User currently offlinePanAm747 From United States of America, joined Feb 2004, 4242 posts, RR: 8
Reply 9, posted (8 years 9 months 2 weeks 4 days 18 hours ago) and read 9604 times:

Years ago, I had the same question. I wrote in to Airliners magazine, and my question was answered in print (Jan/Feb, 1998). I quote sections:

Question: I thought I had the system of runway desgination figured out - compass heading to the nearest ten degrees indicating direction, and R for right, C for center, and L for left. I noticed some anomalies with this however - SAN's runway 27 is nowhere near 270 degrees. How are they officially designated?

Answer: It is the magnetic heading. This is the difference between the Magnetic North Pole and the real North Pole. This difference grows as one moves further and further away from the line of zero magnetic variation, which in North America, runs north-south, passing just west of Chicago.

In the case of SAN, the Jeppesen approach chart will list not only the runway designation, but the degree of magnetic variation as well. At SAN, the magnetic vector is 13 degrees to the right of the truth north, which is why runway 27 appears to be 286 degrees. Subtract 13, and you get 273, which rounded off would be runway 27.

Runway 13/31 at IND was changed to 14/32 in October, 1989.

Three parallel runways = R,L,C

Four parallel runways will be split in half - two will take one designation, and the other two one degree off. LAX has four east-west runways, the northern two are 6/24 L and R, while the southern two are 7/25 L and R.

Hope that helps!



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User currently offlineN908AW From United States of America, joined Aug 2005, 923 posts, RR: 1
Reply 10, posted (8 years 9 months 2 weeks 4 days 18 hours ago) and read 9558 times:

I believe MSP's runways were changed from 11/29 to 12/30, when did that change?


'Cause you're on ATA again, and on ATA, you're on vacation!
User currently offlineGlom From United Kingdom, joined Apr 2005, 2815 posts, RR: 10
Reply 11, posted (8 years 9 months 2 weeks 4 days 17 hours ago) and read 9538 times:

I believe DFW has five parallel runways, so two of them are called 36 and three are 35 or something like that.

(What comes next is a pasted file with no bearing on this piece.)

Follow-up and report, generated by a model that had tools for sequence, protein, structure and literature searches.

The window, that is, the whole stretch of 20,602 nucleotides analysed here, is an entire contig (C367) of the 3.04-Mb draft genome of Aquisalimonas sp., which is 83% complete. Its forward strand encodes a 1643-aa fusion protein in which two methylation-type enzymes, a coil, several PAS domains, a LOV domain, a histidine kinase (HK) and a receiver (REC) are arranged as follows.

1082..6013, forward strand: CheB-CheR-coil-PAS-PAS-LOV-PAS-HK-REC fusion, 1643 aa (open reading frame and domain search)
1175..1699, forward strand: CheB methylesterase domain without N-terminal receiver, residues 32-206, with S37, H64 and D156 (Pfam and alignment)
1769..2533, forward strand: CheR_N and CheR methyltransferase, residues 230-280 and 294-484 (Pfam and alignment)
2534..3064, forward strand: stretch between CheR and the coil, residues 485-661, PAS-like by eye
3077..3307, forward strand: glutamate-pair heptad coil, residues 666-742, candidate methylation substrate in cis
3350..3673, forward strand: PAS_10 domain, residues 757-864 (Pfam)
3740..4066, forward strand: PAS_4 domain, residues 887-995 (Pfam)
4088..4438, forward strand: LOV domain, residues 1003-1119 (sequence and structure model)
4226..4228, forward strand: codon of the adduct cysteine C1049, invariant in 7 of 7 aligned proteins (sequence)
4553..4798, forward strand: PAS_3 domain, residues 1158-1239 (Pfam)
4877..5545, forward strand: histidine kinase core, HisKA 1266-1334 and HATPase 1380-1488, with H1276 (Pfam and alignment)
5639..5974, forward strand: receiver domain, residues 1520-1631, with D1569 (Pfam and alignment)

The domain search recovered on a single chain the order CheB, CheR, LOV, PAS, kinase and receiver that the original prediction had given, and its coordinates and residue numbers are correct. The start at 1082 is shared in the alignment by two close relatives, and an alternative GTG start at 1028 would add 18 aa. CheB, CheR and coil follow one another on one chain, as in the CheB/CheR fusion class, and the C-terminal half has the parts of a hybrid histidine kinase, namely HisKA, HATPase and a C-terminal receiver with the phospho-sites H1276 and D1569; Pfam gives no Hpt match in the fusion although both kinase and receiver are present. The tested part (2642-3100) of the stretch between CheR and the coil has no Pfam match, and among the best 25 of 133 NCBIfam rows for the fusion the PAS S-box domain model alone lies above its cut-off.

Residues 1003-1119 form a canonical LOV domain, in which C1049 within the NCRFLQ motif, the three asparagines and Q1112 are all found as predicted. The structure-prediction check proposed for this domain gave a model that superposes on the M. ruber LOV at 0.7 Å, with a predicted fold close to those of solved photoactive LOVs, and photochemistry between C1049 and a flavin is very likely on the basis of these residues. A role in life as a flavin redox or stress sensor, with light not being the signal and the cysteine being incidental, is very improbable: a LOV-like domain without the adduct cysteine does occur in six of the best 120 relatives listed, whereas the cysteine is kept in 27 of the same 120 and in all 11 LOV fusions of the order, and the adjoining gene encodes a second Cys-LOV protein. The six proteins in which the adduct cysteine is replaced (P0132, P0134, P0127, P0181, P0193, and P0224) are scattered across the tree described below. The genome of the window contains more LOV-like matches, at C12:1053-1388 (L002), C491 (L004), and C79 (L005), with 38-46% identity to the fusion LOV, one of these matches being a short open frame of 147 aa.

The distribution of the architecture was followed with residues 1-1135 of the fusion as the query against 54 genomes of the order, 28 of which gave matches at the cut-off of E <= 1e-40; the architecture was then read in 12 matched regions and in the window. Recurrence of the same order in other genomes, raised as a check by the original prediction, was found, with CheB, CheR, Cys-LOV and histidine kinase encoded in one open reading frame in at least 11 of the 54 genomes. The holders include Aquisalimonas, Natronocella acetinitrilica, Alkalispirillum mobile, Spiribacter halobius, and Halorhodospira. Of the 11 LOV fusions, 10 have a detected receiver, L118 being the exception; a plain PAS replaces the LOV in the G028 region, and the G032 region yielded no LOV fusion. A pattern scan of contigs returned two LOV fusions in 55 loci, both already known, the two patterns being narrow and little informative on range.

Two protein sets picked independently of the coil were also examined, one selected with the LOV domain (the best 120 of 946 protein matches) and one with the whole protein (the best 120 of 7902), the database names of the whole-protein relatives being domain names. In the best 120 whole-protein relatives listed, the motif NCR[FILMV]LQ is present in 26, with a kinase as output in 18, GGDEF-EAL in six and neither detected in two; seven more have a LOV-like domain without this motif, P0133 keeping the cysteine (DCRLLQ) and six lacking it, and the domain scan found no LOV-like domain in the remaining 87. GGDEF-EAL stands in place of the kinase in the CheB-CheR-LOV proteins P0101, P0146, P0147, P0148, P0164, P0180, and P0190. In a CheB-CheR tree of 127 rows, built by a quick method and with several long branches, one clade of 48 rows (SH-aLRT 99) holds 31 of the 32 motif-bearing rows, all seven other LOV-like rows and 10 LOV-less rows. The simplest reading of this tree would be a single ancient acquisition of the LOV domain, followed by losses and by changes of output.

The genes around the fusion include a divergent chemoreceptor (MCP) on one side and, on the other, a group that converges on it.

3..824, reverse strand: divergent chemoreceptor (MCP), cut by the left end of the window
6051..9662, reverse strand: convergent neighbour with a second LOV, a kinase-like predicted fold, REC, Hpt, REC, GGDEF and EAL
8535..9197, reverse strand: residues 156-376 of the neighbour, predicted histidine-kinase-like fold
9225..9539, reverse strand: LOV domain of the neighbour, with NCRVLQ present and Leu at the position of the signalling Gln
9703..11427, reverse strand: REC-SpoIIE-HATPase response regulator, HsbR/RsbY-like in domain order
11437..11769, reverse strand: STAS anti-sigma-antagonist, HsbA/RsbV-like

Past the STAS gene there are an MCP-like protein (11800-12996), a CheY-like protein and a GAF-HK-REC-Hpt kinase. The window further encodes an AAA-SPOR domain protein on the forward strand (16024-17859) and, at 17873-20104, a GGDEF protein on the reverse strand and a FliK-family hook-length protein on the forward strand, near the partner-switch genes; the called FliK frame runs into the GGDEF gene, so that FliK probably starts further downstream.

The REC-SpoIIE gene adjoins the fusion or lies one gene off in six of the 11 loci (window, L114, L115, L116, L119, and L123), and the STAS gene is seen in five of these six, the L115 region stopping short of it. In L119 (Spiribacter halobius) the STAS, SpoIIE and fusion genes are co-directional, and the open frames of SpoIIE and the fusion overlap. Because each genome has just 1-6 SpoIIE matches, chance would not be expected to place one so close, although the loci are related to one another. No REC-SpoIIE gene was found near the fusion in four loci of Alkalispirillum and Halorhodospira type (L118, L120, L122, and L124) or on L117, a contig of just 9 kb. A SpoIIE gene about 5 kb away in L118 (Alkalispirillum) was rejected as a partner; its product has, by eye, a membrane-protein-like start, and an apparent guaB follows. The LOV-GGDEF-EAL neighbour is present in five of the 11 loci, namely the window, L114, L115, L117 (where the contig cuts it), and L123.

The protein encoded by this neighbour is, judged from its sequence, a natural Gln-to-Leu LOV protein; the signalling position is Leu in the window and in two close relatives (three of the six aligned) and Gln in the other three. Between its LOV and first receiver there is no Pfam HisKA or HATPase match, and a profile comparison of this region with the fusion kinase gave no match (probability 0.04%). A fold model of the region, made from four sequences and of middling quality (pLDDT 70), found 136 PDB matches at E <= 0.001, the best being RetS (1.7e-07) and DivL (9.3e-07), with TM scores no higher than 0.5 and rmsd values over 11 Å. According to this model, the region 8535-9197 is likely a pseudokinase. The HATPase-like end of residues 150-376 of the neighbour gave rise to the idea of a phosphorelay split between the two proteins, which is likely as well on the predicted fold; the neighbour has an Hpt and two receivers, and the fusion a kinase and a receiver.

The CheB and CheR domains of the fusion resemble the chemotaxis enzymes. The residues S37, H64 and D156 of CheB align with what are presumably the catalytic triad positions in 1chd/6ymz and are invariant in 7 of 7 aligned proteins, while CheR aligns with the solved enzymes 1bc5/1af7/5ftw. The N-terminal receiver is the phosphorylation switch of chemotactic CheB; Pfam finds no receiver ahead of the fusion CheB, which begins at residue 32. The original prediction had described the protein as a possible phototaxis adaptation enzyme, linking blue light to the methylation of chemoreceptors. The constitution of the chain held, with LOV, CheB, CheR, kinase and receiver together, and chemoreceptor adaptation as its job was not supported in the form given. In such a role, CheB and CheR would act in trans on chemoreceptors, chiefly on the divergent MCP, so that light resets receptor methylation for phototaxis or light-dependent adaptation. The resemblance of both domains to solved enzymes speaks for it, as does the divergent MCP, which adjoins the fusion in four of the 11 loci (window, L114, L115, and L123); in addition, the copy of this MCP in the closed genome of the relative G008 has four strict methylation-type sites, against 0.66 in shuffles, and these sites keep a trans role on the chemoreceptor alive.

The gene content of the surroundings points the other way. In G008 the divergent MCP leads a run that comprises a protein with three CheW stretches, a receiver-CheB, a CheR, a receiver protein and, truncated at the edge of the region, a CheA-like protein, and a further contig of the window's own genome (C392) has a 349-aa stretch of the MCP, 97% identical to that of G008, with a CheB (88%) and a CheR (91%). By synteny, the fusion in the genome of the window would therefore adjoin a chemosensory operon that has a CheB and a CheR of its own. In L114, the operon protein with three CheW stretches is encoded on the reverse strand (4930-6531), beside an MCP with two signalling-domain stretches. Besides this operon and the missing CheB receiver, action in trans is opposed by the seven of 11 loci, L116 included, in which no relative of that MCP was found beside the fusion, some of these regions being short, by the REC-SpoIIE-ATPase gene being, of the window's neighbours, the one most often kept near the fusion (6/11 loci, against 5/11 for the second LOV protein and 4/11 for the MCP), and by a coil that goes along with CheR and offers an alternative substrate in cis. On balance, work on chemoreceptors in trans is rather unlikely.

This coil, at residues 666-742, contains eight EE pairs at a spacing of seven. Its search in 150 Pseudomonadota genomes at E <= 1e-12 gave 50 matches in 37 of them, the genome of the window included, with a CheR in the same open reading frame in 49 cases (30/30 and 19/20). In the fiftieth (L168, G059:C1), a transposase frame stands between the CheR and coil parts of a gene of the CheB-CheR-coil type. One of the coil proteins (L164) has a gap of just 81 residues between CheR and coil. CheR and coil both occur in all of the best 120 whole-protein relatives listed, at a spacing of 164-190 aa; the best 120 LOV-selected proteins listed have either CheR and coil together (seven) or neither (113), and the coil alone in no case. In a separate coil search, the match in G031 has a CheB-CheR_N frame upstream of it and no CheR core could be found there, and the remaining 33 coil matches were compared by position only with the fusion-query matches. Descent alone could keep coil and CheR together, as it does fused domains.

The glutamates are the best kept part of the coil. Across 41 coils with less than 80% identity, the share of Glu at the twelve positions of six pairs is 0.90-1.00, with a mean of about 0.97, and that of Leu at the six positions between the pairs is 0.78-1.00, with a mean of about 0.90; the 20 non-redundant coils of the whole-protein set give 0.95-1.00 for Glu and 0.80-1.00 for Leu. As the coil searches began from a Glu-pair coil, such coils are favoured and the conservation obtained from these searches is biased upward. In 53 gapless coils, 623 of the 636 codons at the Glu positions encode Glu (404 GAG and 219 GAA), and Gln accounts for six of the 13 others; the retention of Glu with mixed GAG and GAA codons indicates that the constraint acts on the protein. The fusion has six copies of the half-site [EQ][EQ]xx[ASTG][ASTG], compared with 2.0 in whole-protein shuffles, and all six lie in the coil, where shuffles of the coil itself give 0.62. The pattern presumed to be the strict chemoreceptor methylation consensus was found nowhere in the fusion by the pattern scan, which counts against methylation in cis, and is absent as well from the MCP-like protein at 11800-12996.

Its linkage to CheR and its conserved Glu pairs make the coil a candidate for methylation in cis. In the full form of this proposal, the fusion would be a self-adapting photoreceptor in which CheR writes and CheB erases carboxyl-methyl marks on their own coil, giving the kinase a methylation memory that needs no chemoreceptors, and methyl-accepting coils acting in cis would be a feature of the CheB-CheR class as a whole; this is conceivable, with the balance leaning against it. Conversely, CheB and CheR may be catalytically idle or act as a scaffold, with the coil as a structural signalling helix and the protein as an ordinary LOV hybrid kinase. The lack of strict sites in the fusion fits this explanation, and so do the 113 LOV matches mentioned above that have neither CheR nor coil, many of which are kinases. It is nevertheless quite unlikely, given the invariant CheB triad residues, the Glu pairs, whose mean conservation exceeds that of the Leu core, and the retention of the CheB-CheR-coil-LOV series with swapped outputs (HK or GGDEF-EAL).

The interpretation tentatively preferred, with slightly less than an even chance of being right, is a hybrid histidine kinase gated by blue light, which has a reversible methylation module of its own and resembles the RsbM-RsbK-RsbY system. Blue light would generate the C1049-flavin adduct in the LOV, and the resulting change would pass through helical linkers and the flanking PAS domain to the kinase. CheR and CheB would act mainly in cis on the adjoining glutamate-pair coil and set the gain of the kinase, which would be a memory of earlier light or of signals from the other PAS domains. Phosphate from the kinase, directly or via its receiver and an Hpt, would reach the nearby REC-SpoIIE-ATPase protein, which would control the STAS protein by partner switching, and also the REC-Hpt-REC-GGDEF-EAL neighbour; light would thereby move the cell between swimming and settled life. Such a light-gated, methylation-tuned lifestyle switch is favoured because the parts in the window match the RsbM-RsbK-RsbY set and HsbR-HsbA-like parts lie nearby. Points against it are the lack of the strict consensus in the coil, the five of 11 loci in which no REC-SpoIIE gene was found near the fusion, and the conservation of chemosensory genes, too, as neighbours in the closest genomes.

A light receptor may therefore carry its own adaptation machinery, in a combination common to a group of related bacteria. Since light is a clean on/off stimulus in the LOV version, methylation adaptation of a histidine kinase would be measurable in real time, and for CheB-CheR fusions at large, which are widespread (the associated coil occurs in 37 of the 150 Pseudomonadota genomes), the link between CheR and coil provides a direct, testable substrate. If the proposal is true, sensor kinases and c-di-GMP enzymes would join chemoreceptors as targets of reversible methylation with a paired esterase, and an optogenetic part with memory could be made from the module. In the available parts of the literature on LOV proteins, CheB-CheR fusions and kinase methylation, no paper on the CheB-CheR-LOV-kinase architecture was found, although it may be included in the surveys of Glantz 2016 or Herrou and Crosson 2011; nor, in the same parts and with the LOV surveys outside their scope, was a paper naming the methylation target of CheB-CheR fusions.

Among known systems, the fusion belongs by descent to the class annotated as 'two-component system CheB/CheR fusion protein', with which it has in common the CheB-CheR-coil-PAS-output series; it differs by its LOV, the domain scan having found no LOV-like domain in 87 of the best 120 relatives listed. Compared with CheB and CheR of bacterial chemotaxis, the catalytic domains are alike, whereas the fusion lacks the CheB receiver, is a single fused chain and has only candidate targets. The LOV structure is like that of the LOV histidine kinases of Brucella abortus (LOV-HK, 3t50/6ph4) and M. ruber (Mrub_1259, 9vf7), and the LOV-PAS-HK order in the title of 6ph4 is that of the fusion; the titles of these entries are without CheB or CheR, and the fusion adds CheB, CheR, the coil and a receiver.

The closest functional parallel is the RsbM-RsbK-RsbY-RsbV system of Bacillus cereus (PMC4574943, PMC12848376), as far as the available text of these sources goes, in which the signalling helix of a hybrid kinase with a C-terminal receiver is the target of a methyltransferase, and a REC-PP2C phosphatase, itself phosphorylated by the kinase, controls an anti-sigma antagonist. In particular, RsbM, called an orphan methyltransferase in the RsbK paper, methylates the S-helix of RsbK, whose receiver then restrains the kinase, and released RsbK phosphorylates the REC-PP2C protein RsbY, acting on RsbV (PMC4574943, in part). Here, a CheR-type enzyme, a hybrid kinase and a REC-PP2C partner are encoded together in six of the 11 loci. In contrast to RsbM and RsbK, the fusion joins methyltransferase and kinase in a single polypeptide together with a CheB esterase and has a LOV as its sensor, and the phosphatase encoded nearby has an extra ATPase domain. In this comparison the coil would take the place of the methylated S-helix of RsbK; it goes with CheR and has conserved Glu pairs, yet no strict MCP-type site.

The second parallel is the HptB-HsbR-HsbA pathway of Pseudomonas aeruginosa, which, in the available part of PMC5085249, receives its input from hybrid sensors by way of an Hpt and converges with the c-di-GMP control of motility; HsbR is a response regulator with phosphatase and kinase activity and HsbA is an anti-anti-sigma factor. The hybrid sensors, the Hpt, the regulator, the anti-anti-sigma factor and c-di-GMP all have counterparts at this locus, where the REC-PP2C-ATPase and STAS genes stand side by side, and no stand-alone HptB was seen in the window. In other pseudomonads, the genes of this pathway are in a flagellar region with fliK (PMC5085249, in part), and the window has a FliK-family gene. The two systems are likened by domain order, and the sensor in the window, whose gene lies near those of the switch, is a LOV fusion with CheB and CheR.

Quoting I530j (Reply 3):
Are they always N and S or can they be E and W?

Most runways tend to be E and W simply because Coriolis makes the wind blow from the West generally so.


User currently offlineEMBQA From United States of America, joined Oct 2003, 9364 posts, RR: 11
Reply 12, posted (8 years 9 months 2 weeks 4 days 17 hours ago) and read 9512 times:

Quoting N908AW (Reply 11):
believe MSP's runways were changed from 11/29 to 12/30, when did that change?

Every runway in the world changes. As the earth is turning on its axis, it changes by around 0.1 deg every 5 years. If you actually look on a set of 'plates' they give the annual degrees of change.

On my FAA chart it said 18, but on one of the pilots' charts it said 17. One would think something this important would be uniform. Wouldn't they make a big deal out of it when they change numbers due to the heading changing?

Who had the current set of charts...?? My guess would be the pilot.

[Edited 2005-11-08 04:01:48]


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User currently offlineGlom From United Kingdom, joined Apr 2005, 2815 posts, RR: 10
Reply 13, posted (8 years 9 months 2 weeks 4 days 17 hours ago) and read 9504 times:

Quoting EMBQA (Reply 13):
As the earth is turning on its axis, it changes by around 0.1 deg every 5 years. If you actually look on a set of 'plates' they give the annual degrees of change.

It's not to do with that. It's too do with the shifting of the magnetic pole.


User currently offlineEMBQA From United States of America, joined Oct 2003, 9364 posts, RR: 11
Reply 14, posted (8 years 9 months 2 weeks 4 days 17 hours ago) and read 9492 times:

Quoting Glom (Reply 14):
It's not to do with that. It's too do with the shifting of the magnetic pole.

.......and why is the magnetic pole changing....????



"It's not the size of the dog in the fight, but the size of the fight in the dog"
User currently offlineGlom From United Kingdom, joined Apr 2005, 2815 posts, RR: 10
Reply 15, posted (8 years 9 months 2 weeks 4 days 17 hours ago) and read 9468 times:

Quoting EMBQA (Reply 15):
.......and why is the magnetic pole changing....????